The gap between voting categories reignited a major question that has surrounded the contest for years: is Eurovision a contest for the people? If anything, Italy’s heartthrob rock group Måneskin proves that yes, in fact, it is.

According to ILGA-Europe, for the second year running, Poland is the worst country in Europe for LGBTQ+ people. President of Poland, Andrzej Duda, has directly called the LGBTQ+ community an “ideology” and “more destructive than communism.” Considering Poland’s history under Russian communist occupation, this statement is infinitely cruel. Måneskin’s performance acts on the promise Italy made alongside forty-nine other countries in a September 2020 open letter calling for an end to Poland’s anti-LGBTQ+ discrimination. The letter states:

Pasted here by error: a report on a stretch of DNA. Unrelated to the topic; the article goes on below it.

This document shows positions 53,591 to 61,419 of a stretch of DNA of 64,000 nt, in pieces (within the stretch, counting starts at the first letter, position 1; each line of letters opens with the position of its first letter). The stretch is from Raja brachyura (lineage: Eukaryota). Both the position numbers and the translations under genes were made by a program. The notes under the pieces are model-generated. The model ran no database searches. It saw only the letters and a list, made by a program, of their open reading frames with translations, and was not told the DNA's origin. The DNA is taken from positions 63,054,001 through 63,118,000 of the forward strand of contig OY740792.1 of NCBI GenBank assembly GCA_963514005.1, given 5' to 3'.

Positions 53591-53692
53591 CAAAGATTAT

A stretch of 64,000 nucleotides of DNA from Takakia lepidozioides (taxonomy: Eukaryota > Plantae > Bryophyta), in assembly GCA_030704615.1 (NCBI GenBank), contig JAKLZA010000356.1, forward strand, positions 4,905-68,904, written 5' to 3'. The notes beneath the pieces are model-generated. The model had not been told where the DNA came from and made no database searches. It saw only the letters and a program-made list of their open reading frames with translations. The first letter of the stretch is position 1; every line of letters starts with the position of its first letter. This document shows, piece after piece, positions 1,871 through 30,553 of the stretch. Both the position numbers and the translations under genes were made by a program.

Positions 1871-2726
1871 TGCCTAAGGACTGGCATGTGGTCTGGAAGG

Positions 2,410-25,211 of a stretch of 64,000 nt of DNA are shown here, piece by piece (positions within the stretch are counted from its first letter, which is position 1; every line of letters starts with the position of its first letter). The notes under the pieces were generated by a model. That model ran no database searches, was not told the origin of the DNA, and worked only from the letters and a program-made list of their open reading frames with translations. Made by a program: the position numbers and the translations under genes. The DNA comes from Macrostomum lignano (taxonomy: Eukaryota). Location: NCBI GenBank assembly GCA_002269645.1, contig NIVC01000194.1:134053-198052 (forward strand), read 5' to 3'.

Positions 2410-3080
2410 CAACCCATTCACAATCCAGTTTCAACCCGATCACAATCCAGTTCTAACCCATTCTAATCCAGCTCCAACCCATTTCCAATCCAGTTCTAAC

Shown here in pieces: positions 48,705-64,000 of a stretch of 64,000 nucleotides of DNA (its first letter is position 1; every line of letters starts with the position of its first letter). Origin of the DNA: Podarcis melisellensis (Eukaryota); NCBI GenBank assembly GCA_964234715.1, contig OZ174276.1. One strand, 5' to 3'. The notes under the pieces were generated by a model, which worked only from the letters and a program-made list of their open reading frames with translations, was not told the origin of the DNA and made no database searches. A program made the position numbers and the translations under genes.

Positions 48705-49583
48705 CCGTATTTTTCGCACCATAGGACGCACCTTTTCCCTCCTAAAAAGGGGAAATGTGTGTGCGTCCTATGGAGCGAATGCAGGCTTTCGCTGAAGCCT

We pay tribute to the hard work of LGBTI and other communities in Poland and around the world, as well as the work of all those who seek to ensure human rights for LGBTI and other persons belonging to communities facing similar challenges, and to end discrimination in particular on the basis of sexual orientation or gender identity. Human rights are universal and everyone, including LGBTI persons, are entitled to their full enjoyment. This is something that everyone should support.